The noise and motion draw the owner’s attention. This rewards the dog for attention, petting, scolding or playtime with their owner.
4. Excess Energy
High-energy dogs may turn to blankets as an outlet for their pent-up energy. Nibbling and pulling at blankets gives these dogs a physical and mental activity to burn energy harmlessly.
It satisfies their innate need to chew and provides a constructive task for all that energy.
5. Anxiety, Stress or Compulsion
Dogs experiencing separation anxiety, fear of loud noises, or other stressors may nibble blankets as a self-soothing coping mechanism.
The repetitive, rhythmic motion has a calming effect. In some cases, blanket sucking or nibbling can become an obsessive-compulsive behavior that requires intervention from a veterinarian or animal behaviorist.
This is often seen in shelter dogs and rescues with past trauma.
Lack of activity and mental stimulation can lead dogs to nibble blankets simply out of boredom.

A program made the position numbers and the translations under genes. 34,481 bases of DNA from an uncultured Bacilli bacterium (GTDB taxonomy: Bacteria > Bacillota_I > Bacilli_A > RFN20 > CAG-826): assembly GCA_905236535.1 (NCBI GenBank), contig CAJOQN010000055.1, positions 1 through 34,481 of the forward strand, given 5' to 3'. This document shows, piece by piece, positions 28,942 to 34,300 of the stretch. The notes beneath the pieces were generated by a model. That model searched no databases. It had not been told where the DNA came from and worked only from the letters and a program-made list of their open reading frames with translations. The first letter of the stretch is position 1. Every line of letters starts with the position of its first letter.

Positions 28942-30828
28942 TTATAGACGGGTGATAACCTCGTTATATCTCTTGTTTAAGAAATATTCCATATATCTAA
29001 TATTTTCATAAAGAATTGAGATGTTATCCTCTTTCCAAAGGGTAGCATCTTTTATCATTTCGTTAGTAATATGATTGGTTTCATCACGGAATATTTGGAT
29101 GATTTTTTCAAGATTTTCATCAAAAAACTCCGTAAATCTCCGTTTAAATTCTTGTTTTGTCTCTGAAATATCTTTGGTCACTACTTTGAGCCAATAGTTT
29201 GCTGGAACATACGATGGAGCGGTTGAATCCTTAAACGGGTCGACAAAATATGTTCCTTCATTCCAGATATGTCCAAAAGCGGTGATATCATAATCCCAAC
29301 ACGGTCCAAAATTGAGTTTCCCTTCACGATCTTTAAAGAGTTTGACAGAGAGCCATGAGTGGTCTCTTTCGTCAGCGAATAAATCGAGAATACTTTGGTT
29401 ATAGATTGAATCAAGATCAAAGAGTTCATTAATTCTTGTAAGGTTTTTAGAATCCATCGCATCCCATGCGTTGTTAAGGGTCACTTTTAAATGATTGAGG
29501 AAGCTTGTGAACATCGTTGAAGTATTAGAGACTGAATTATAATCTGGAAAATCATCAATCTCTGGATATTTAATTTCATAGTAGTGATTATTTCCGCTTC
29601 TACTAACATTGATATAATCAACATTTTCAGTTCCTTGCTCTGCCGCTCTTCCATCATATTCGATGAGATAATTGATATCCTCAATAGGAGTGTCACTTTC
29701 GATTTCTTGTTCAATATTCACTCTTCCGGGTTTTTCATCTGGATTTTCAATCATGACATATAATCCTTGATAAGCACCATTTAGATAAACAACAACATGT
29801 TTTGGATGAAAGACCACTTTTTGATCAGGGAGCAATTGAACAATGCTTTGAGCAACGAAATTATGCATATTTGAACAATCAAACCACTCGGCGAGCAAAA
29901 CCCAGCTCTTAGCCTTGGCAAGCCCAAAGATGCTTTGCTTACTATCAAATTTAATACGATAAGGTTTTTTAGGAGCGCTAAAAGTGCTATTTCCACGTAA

Dogs left alone for long periods without enrichment or exercise may develop blanket nibbling habits to occupy themselves.
Not having enough toys, chews, training, or human interaction can cause this boredom-induced blanket chewing.
7. Medical Causes
In some cases, excessive or sudden onset of blanket sucking or nibbling in adult dogs may indicate an underlying medical issue. Some potential medical causes to consider include:
- Nutritional deficiencies, such as lack of sufficient vitamins, minerals, or nutrients in the dog’s diet. This can cause pica (eating non-food items) and abnormal chewing behaviors.
- Dental pain, oral injuries, or issues with the mouth, teeth, or gums that lead to chewing for relief.
- Neurological disorders like canine cognitive dysfunction, epilepsy, or nerve damage could trigger repetitive nibbling habits.